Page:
- Notice as you breathe out. Has the quality of the air changed? What do your lungs feel like? Is it more or less effort to breathe out or to breathe in?
- Repeat this process for several minutes.
If you want to expand this exercise, you can click here for more breath techniques to try.
The second exercise is a great game to play with just about any group of people, both for kids and adults.
To play the game, give everyone a small bite of food. You can choose anything you’d like, but it works best with something small and natural, like a grape.
Before eating the food, take time to explore it with your senses. Start with your eyes, notice the color and shape, and see if you can see details of it that you had never noticed before. For example, you might notice if you can see the colors coming more alive, or if there are small lines or textures you usually ignore.
Then, encourage everyone to close their eyes and take a moment to feel the contours of it with their fingers. Notice any curves, how smooth or rough it is, etc.
When you are ready, have everyone place the food into their mouths, but do not chew it. First pass the food around your mouth slowly, feeling it with your tongue, and tasting it carefully.
Finally, continue to eat the food as slowly as possible, noticing how the texture and taste changes as you eat.
Repeat as often as you’d like.
The Blindfold Game
For this next game, it’s best to split into small groups of people, either in partners or groups of 3 or 4.
The game is to take turns blindfolding each other. Then, have the guide pass the blindfolded person an object to hold.
Have them focus on the different qualities of that object.
- What is the weight of the object?
- What shape is it?
- How does it feel in your hands?
- Are there multiple textures to it?
Don’t worry about identifying what the object is. The aim is simply to bring more awareness to the sense of touch, which we often take for granted in our day to day lives.
Spidey Senses is one of my favorite games to teach mindfulness to kids, but it can also be fun for groups of any age.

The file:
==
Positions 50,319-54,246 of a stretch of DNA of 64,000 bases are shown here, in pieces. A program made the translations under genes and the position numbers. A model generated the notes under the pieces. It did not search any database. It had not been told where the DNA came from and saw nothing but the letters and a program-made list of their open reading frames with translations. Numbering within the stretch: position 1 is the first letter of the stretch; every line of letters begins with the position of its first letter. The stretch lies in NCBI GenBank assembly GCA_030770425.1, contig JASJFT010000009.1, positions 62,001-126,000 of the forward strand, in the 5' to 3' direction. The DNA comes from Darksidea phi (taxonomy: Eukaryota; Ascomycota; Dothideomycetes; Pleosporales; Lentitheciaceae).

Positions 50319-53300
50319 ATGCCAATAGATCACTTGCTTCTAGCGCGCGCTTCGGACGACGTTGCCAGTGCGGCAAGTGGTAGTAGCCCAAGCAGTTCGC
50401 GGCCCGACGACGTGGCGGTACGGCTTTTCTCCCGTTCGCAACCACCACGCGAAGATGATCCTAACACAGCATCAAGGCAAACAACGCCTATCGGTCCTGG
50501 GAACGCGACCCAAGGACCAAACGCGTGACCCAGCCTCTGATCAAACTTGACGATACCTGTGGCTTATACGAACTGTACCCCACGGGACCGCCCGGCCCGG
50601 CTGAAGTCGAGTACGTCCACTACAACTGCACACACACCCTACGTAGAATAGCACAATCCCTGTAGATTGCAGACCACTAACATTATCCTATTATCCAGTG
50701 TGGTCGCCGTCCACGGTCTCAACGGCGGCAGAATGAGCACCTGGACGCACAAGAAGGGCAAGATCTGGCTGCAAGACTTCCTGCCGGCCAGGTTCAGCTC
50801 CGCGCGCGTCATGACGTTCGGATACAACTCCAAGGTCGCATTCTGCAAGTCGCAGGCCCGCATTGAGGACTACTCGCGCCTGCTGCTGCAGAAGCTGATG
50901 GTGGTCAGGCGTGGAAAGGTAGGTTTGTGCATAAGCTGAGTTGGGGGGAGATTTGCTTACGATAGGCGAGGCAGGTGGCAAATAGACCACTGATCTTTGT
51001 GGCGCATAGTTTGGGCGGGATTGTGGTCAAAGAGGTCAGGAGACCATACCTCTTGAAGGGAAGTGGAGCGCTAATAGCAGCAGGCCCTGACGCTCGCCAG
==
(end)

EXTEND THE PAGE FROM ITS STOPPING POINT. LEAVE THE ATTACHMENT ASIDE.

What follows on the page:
Your mission: pretend you are Spiderman.
You have just been given heightened sensory perception. You can see colors and details like never before. You hear even the slightest, most distant sounds. Subtle aromas suddenly come to the forefront of your attention. You are now aware of the softest touch.
Take 2-3 minutes to explore your new senses in as much detail as possible. Then go around the group sharing what you noticed.
5 & 6: Happy Place Visualization and Chakra Visualization
Another really great exercise to use to increase mindfulness is to leverage the art of visualization.
Two of my favorite practices for this are what I call a Happy Place Visualization, and a Chakra visualization.
Lastly, as I mentioned above, one of the best ways to practice mindfulness in a group is simply to sit and meditate for a few minutes.
You can do this whether or not you have an experienced guide with you, since there are tons of great recordings you can choose from.
I do usually recommend that most beginning group meditators use some sort of guided technique, as sitting silently can be uncomfortable for some in your group who do not have a lot of meditation experience.
It is much easier to relax and go with the flow when you have a guide to help you through the process — whether in person or on a recording.
You can try one of these meditations from Quiet The Mind, our 30-day Introduction to Meditation: